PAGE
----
We were able to catch up with retired FBI Special Agent Tom Veivia following the release of his new whitepaper, Effective Active Shooter and Mass Casualty Response Planning and Communications earlier this week. Following our discussion, we put together a short Q&A where Tom discusses his opinions on the evolving threat landscape and what he has learned in his many years running training exercises with various organizations and teams.
Tom is a 26-year law enforcement veteran having served with the New York State Police and who recently retired as a Supervisory Special Agent in the FBI’s Behavioral Analysis Unit in Stafford, Virginia. Tom was an 18-year member of the FBI New Haven office’s SWAT Team and was the Senior Team Leader for the FBI’s response to the Sandy Hook Elementary School Shooting in December of 2012.
During his service with the FBI Tom served as the New Haven Office Crisis Management Coordinator, Behavioral Analysis Unit Coordinator and was the Team Leader for the FBI’s Northeast Child Abduction Rapid Deployment Team and has deployed nationwide providing operational support and instruction for kidnapping investigations. Tom is currently the Principal in the 302 Consulting Group, LLC. In Hamden, Connecticut.
You were the team leader for the FBI SWAT team that responded to the Sandy Hook Elementary School shooting in December of 2012. How did your approach to active shooter and mass casualty incident response change after that incident?
Prior to Sandy Hook my approach to active shooters and mass casualty events was primarily focused on training for the tactical response to the event and addressing the threat. Since then I have approached these types of events much more holistically, from prevention to the tactical approach and eventually the consequence management of its aftermath. I learned that my approach initially only addressed a portion of the event and that there is much more to being truly prepared to respond.
You mention that a well-scripted and executed table top exercise can be one of the most effective uses of time and resources for pre-event planning. What points of failure have you seen be discovered during well-run table top exercises?
The biggest point of failure I have witnessed in table top exercises is that inaccurate assumptions are made by some of the planners and participants with regard to the availability of people and/or equipment at a given time and place. This could be the assumption that if an event happens during a particular shift the responding agency will have the necessary number of responders on duty. It could also be the inaccurate assumption that personnel or equipment requested through mutual aid will be available. Often times, these failures can be avoided if all stakeholders or agencies that will be called upon for assistance are included in the exercise.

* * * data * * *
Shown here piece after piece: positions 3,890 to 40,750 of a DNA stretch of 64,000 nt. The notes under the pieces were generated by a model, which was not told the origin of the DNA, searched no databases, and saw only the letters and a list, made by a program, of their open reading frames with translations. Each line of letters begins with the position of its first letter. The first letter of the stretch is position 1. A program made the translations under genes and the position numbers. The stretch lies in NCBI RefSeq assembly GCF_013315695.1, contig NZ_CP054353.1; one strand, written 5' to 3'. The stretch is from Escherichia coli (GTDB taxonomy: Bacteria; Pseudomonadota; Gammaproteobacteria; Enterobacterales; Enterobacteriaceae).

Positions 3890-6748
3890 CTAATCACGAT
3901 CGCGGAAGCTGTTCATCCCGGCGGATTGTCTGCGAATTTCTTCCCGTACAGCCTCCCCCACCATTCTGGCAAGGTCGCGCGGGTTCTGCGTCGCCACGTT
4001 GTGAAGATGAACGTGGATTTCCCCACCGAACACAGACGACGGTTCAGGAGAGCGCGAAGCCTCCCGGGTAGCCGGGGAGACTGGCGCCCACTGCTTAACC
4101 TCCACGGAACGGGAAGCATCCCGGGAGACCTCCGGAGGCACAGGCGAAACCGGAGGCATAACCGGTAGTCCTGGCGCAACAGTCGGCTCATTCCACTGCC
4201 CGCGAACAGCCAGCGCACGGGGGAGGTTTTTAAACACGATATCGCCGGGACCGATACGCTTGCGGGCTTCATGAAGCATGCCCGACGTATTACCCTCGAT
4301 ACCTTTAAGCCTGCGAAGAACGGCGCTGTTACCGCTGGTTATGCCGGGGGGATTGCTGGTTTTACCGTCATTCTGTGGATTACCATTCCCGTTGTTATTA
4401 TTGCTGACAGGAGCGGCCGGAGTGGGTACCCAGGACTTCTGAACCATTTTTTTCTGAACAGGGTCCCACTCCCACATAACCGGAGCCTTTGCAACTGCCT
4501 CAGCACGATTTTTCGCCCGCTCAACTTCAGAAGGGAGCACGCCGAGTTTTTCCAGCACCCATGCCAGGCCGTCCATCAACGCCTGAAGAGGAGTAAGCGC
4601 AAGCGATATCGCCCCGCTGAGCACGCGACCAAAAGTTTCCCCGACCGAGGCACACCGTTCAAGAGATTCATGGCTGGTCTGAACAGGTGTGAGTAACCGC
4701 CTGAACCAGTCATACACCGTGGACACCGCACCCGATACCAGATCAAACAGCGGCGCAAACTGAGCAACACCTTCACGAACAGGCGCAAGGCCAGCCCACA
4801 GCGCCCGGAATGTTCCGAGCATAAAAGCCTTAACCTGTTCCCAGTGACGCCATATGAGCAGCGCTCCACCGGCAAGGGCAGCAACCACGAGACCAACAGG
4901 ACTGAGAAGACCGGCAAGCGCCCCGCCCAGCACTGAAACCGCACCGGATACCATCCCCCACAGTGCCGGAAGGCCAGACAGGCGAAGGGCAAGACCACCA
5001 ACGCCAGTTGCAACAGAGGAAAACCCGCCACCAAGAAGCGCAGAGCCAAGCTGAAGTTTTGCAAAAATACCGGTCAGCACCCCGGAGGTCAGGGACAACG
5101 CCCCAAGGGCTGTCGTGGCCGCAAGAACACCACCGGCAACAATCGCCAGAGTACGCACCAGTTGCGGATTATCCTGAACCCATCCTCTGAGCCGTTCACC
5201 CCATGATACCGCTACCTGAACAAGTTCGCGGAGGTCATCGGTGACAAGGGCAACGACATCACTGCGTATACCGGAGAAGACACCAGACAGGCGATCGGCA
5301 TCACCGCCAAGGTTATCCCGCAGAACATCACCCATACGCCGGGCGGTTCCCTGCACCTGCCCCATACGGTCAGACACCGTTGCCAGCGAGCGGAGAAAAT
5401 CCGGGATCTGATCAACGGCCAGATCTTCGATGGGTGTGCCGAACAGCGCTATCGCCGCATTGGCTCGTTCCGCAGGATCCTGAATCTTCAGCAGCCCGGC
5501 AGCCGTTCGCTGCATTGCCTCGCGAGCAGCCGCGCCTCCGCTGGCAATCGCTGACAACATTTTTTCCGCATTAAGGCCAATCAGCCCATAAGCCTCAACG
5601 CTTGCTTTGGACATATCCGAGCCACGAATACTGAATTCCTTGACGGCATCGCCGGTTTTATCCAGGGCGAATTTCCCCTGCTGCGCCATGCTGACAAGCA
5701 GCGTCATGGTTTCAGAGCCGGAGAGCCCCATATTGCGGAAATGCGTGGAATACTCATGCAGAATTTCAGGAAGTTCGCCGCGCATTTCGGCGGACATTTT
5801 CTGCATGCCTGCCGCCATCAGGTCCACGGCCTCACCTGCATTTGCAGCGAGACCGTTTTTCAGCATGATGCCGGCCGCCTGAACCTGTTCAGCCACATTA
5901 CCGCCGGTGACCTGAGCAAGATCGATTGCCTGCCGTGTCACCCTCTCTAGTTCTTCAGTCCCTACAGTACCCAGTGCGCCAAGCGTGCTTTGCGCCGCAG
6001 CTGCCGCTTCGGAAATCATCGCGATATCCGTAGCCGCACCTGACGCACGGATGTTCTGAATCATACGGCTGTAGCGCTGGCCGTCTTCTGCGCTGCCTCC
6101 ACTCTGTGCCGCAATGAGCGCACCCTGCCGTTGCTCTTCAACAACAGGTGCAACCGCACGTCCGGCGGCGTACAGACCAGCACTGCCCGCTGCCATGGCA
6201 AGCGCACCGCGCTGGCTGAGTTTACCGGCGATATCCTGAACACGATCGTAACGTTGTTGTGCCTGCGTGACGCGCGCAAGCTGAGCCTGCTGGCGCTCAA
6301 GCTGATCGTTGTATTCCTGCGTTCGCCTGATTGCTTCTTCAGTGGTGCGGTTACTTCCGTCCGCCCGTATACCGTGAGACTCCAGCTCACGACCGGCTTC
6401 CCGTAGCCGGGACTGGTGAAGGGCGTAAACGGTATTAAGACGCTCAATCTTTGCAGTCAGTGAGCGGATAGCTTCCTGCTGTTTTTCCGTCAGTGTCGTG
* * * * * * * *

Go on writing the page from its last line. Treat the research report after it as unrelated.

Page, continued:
You stress the importance of an organized, sequential mobilization plan that contains redundancy. Do you recommend mobilization checklists for various emergencies and if so, how should those checklists be created?
Utilization of checklists insures that important steps are not missed or overlooked during stressful situations. The best way to develop the relevant checklists is to “wargame” the plan as it is being developed and develop the checklists as the plan is being formulated. Additionally, activation of a response plan and deployment to an event should be viewed as a process. The checklist will define the process and establish the priority of actions to be taken.
You advocate for pre-drafted message templates to help deploy information rapidly and without errors. What kind of templates do you recommend for active shooter and mass casualty incident response?
For internal communications targeting the response personnel I would recommend having a simplified message template notifying responders of the activation of a response plan. An example may be a five-line activation order for a SWAT team advising them: 1. Nature of event, 2. Location, 3. Staging Area, 4. Radio Frequency, and 5. Incident Commander. External communication templates would be messages targeting the public to keep them informed of a developing situation and/or providing them guidance and instruction to avoid an area or other relevant information. These templates would be used to develop a reverse 911 script or a message utilizing social media.
What recommendations do you make for running a constructive after-action review?
After action reviews (AAR) should be viewed as an extension and a necessary part of an exercise or deployment. Clearly stated and defined goals and objectives at the beginning will help guide the conversation and help make it more productive. Most importantly, the AAR is an honest review of a deployment and is intended to help improve a plan or the teams utilized. The focus should be on evaluation and not criticism with the purpose of finding ways to sustain and/or improve necessary skill sets and capabilities.
Interested in hearing more from Tom Veivia? Check out his whitepaper, Effective Active Shooter and Mass Casualty Response Planning and Communications.
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